Building EaaS capabilities can pay dividends for asset-based companies
With subscription models making inroads in the asset finance sector, any monetising potential for providers will require some planning and spending before revenue streams can be realised, says Bernd Oppold, a partner at business consultancy KPMG.
Equipment-as-a-service (EaaS), as a business model, involves providing and renting out equipment to end-users and collecting periodic payments for the use of an asset. In a nutshell, EaaS is the B2B equivalent of B2C subscriptions.
What we see in the market is that an EaaS contract has the potential to evolve into a platform to sell additional services.
We've identified four points about the development of EaaS worth further consideration: 1) the transformational power of subscriptions; 2) the organisational changes required; and 3) IoT and its monetary impacts.
Subscription models have transformed our life. Digital companies, such as Amazon and Netflix, have shown how successfully subscriptions can be executed. They offer experiences by providing a large value to customers, for example with discounted and expedited deliveries, an intuitive user interface, personalised and on-demand content. It means that customers associate these types of subscription with positive experiences and come to expect what we summarise as “flexibility, convenience and personalisation”.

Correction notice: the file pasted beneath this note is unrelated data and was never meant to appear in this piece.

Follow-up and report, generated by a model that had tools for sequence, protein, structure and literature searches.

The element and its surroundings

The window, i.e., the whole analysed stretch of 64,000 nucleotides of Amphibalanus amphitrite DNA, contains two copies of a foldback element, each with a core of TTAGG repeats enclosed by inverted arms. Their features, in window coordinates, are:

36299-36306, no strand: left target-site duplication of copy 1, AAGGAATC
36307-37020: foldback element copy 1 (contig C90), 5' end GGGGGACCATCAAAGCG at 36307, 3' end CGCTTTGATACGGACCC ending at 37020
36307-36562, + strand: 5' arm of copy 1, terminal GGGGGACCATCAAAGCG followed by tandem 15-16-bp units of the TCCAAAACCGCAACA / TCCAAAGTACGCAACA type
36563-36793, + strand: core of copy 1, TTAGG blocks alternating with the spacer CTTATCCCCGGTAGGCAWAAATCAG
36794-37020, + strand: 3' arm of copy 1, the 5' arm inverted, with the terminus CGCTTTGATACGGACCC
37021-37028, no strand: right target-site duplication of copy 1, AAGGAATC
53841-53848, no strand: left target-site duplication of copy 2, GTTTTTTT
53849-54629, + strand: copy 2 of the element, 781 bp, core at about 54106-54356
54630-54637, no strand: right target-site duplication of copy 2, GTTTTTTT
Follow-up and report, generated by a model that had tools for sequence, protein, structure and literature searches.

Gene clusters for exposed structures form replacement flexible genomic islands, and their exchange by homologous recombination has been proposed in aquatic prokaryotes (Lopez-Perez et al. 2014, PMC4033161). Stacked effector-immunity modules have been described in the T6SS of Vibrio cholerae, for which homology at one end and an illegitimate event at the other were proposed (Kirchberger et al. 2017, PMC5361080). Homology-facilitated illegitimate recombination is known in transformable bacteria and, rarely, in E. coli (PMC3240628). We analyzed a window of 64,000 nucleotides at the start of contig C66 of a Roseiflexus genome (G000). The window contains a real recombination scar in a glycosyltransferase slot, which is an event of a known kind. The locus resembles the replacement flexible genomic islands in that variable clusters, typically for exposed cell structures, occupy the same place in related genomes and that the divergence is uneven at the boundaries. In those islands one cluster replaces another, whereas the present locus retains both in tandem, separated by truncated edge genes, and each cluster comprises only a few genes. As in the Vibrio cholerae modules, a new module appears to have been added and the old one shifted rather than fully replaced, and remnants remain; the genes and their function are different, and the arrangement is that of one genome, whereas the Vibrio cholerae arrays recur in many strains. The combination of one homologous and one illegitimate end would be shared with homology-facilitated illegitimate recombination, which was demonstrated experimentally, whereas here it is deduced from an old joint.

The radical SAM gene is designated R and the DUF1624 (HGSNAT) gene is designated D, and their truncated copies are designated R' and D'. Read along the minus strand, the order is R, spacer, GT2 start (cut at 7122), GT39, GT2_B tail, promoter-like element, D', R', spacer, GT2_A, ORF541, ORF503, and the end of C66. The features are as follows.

We see a self-reinforcing cycle with these new types of subscription, enabled with technology: customers get on-demand, personalised content, an app-based interface, or perhaps particular smart pricing models – while the providers or vendors gain extensive usage data that is generated by these subscription users, tying into the whole ecosystem built around big tech, big data and advanced data analytics.
These customer expectations can be applied to (asset-based) industries and from the perspective of a B2C to a B2B customer. In our view, this lays the foundation for the EaaS market. EaaS can provide customers with a hassle-free and scalable solution, allowing them to lay focus on their core business. Further company growth on a granular level or economic growth on a macro level necessitate costly investment in equipment, but the pace of technological innovation means that equipment may quickly become obsolete. Both these issues can be elegantly addressed with the right EaaS solution. EaaS also offers benefits in a competitive environment that is driven by all kinds of regulations: in the face of external pressures, a flexible solution with predictable costs may provide much-needed stability for companies in fast-paced markets. This means our overall conclusion for the EaaS market is very positive.